Life Magazine, Vol. 59 No. 2 (19 November 1965).


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Shortly before 5:15 in the evening, somewhere along the great triple-, conductor line that runs from Niagara Falls to New York City in three wrist- thick strands of iron-core aluminum, a surge of electrical energy went berserk.

Whether a switching device had failed to operate, whether somewhere in the vast Northeast power grid a giant generator had suddenly gone out of phase, whether a computer experienced a nervous breakdownno one would be able to determine exactly for some time afterward. But at that moment the electric pulse all up and down the great 345-kilovolt line surged, wobbled and flickered; and, like a pinched aorta, it caused an entire civilization to flicker with it.

The line, 400 miles long, is a masterpiece of engineering. It can carry, from the bus bar at Niagara Falls, a pressure of 345,000 volts of electricity and fork it, on instant call, to interconnecting wires that reach as far east as Maine, as far west as the Rockies. To engineers, the completion of this long 345-KV line in 1963 was the climax of a development that had left the 115- and 230-KVs of a decade earlier far behind. To them it was a forerunner of even larger, heavier lines, carrying a pressure of 750 KV, that could bring power from Labrador to New York. The technical problems posed by widespread use of these even larger high-tension lines have not yet been completely solved; but, until last week, the engineers were sure they had mastered all the complexities of using the 345-KV. Controlled by computers, safeguarded by a thousand automatic devices and cutoffs, it was a supreme achievement of American engineering. Almost overnight it became the main reserve feed of a score or more power companies, available to communities from the Great Lakes to the Atlantic.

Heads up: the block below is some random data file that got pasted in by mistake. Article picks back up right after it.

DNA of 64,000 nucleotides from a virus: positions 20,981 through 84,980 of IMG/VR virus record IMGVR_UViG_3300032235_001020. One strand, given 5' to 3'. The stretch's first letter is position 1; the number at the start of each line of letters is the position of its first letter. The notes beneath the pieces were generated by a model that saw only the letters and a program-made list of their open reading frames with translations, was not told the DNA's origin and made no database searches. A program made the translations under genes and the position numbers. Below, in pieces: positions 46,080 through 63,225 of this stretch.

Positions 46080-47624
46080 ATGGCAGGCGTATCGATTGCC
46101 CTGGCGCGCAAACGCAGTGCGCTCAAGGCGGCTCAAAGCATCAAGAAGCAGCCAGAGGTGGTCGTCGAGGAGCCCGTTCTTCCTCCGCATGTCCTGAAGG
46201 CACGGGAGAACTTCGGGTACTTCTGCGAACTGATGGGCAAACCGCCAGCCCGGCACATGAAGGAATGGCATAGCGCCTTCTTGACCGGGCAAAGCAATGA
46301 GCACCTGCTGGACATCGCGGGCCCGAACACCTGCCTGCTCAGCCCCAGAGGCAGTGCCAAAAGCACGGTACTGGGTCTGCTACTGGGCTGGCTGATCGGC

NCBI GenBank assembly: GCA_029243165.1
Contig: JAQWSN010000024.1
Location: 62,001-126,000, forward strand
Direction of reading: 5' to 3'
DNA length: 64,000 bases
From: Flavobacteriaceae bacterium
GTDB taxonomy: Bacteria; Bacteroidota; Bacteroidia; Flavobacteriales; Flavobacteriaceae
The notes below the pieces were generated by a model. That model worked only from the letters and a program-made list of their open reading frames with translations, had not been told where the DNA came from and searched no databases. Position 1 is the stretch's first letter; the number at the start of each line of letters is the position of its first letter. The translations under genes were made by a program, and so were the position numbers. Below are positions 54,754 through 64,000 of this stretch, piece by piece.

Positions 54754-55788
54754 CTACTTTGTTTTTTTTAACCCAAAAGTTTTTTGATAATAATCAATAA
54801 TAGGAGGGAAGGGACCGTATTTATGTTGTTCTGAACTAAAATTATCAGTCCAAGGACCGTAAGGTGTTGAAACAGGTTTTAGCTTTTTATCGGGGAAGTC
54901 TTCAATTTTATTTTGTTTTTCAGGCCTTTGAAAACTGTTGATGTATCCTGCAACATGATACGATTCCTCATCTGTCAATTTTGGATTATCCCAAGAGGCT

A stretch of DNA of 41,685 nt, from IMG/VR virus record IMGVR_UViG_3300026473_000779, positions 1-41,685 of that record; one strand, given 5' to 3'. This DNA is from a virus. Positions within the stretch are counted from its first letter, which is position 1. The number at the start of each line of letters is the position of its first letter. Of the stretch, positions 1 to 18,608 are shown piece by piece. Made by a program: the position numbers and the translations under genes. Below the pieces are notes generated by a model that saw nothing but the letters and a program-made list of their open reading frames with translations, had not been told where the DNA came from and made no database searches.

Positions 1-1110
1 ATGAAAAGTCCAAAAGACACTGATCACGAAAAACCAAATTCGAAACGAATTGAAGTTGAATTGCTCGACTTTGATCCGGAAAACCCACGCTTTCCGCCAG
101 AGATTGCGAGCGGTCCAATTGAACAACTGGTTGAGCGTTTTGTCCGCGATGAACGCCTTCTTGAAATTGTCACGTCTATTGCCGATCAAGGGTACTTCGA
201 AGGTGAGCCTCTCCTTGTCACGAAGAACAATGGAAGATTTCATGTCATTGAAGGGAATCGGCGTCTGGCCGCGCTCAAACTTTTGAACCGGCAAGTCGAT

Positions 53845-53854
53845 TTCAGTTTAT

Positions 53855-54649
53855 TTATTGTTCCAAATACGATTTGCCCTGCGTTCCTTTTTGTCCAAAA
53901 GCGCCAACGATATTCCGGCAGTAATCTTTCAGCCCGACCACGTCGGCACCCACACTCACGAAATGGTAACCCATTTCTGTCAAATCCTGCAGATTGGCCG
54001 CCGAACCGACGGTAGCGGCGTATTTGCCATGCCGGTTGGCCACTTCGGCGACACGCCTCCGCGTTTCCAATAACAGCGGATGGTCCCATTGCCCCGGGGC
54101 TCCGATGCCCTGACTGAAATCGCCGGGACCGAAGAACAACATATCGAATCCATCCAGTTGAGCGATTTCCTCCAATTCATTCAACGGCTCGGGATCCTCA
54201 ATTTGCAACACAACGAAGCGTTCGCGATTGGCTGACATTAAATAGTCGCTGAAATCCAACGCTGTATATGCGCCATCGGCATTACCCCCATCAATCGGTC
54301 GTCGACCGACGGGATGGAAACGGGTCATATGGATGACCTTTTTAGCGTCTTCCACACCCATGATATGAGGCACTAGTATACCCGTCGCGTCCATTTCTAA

The largest consumer of its energy was Consolidated Edison, the giant utility that serves New York City and suburban Westchester County. On autumn afternoons, beginning about 5 o'clock, Consolidated Edison must give New York City a peak of some 4.5 to 4.7 million kilowatts of electricity. The company has, of course, vast generating power of its own- some 7.6 million kilowattsbut this is power that comes from coal and oil and, especially from older plants, is expensive power. It is cheaper for Con Ed to buy power from the grid, out of the northern 345-KV. Thus, on Tuesday evening, Nov. 9, Consolidated Edison was running at about 4.5 million kilowatts and drawing 300,000 of these off the grid.

At the Energy Control Center at 65th and West End Avenue, a modernistic cube of brick and stainless steel, the feed from the grid, like so many modern miracles, had long since been taken for granted. On the third floor, from behind a glass wall, one can look directly into this nerve Center--a huge, green, soundproofed room, brilliantly lit by overhead panels, with a twilight-zone array of dials and winking lights on both sides and at its far end.

Con Ed is proud of the Energy Control Center-showplace for visitors from around the globe. Seven men run this center, which controls 12 automated generating plantseach with a three-man .phpf. In all, it requires less than 50 men to control the surge and direction of energy for the greatest metropolitan area on earth.

The heart of this control center is a beige-colored control desk with scores of lights and switches. To the right of this panel, instantaneously buying current from the grid for the city's need, sits the systems operator, the boss in emergency. The systems operator has many panels to watch and supervise; but one of the most important is a polygraph scroll that unwinds behind a green-framed televisionlike glass upon which an automatic marker traces a graph of the frequency pulse. Normally the pulse flickers constantly from its standard 60 cycles a second, the line on the paper scroll wavering gently as the power system of New York faintly reflects the meshed and balanced inputs and outputs everywhere along the giant grid. But the systems operator must be ready instantly to detect an oscillation that is more than normal-when something is wrong.

What precisely happened at the control in the 10 minutes between 5:15 and 5:25 p.m. on Nov. 9 has not been made at all clear. At some point the marker on the polygraph chart,

BIRTH IN DARKNESS. Brenda Delora Smith, seven pounds five ounces, was one of five babies who came into the world by candlelight in St. Francis Hospital.



LIFE, Vol. 59 No. 2 (November 19, 1965)
Copyright 1965 Time, Inc.
Photo: Mario Irizarry for El Diario
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jts{27 June 2000}